A university is just a group of buildings gathered around a library. ~Shelby Foote

Tuesday, May 30, 2006

Man They Grow Up Fast

My daughter had her first communion a few weeks ago. Very nice ceremony. Here's a pic of her with Jenn's folks:

UPDATE: By the by-- this photo could also serve as "View From My Window" as well. Caledonia, Wisconsin, about noon.

Global Warming

Gregg Easterbrook, better known to many of us as Tuesday Morning Quarterback, had a very interesting piece on global warming in last week's NY Times. Basically, it argues that global warming is occuring (the evidence is very strong that it is), that it is likely at least partially a result of man's activities, and that the Kyoto Protocols are precisely the wrong way about addressing the problem.

Instead, he makes a case for a "tradable credit system" wherein those who reduce emissions and utilize new technologies are rewarded and those who don't must either buy credits from those with extras, change what they are doing, or pay stiff fines. Essentially, you set up a market driven system. Similar systems have worked with acid rain and with smog-- air pollution problems seem to lend themselves well to this kind of set up.

Another aspect to like about the credit approach is that it will encourage the development of new technologies-- really the only point I could find that supported signing Kyoto. With companies under market driven pressures to reduce emissions, companies that can step into the gap with technologies that do precisely that will flourish.


Friday, May 26, 2006

Happy Birthday!

To me. Getting closer to 40. Bugrit. Ah well, such is life. For my birthday I got a new wallet-- precisely what I needed and had asked for-- what luck! Of course, to make use of it, I had to transfer all the crap I had accumulated in my old wallet. Quite a trip down memory lane.

Things I kept: pictures of my family (some that seem quite old now, including a picture of Jennifer and me back when we were only engaged, and I still had a mulletesque length of hair in the back. Yikes!), a card I got from the hospital when my son was born (20 inches, 8 lbs. 5 oz.), half of the credit cards I had (the rest were expired ones), my library card, my UW-Parkside ID, my social security card, my Wisconsin Historical Society membership card, a few "club" punch cards for local restaurants, my Milwaukee Zoological Society member card, insurance cards, driver's license and my ticket from Disneyland (for $56 I was keeping something with me, by goom).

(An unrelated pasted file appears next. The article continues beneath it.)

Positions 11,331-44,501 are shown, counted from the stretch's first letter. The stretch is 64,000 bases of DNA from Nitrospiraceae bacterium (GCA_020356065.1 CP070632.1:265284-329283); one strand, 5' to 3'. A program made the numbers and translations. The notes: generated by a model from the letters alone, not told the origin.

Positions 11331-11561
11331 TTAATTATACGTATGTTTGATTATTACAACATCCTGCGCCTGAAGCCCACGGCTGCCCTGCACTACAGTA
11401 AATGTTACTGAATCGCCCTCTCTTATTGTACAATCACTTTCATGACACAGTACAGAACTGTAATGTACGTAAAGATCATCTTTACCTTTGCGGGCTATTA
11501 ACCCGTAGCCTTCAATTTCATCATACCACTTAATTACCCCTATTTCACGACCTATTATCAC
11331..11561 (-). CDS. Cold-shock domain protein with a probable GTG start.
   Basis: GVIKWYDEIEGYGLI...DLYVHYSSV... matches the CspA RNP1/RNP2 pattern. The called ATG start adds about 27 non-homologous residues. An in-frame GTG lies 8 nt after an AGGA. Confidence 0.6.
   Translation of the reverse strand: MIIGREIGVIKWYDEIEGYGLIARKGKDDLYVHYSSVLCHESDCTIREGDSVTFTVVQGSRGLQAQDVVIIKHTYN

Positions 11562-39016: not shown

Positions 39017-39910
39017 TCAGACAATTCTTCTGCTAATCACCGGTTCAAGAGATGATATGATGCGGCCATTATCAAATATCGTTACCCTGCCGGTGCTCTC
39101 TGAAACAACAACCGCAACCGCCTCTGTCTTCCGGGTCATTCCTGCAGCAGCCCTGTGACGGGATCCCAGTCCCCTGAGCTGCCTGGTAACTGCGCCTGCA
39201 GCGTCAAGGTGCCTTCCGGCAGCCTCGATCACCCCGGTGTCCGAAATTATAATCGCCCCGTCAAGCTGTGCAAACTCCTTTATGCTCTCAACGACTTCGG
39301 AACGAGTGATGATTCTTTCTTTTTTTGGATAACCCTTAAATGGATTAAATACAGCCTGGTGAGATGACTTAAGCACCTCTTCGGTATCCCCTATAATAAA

Things I jettisoned: Half of my credit cards (the expired ones), an American Bridge Association card showing the .13 points I had won in the one ABA tournament I had entered (kept that thing for 17 years-- no idea why), a Blockbuster Video membership card I hadn't used in at least 5 years, two different Am. Library Assoc. cards (both expired, and I am no longer an ALA member given their increasingly political involvement), expired membership cards to Sam's Club and Gamestop, an old UWP ID, an expired ATT calling card, two "club" punch cards for restaurants in California-- where I haven't lived for over 7 years, and a receipt for a gift I bought my wife two years ago.

Such is the stuff one accumulates during your life. Kind of weird to look back on some of that stuff-- cool, but oddly disconcerting. Life is, in large measure, what happens to us while we're making other plans. Not always a bad thing, quite often a very good thing, but still disconcerting and dizzying to think about where you thought might wind up, where you could've wound up, and where you actually wound up.

Of course, the price for being somewhere else is that you wouldn't be where you are-- that's always the kicker to the "grass is always greener" view of the world.

My point? Don't really have one. Just that it was an interesting meander down memory lane here on my birthday, so I thought I'd share.

Have a good holiday weekend everyone, and remember to honor and thank all the men and women that have given their lives so that you can collect membership cards, and photographs of your family, and all of the other little things in life we all take for granted.

Peace out.


Thursday, May 25, 2006

Mr. Bush, build this wall!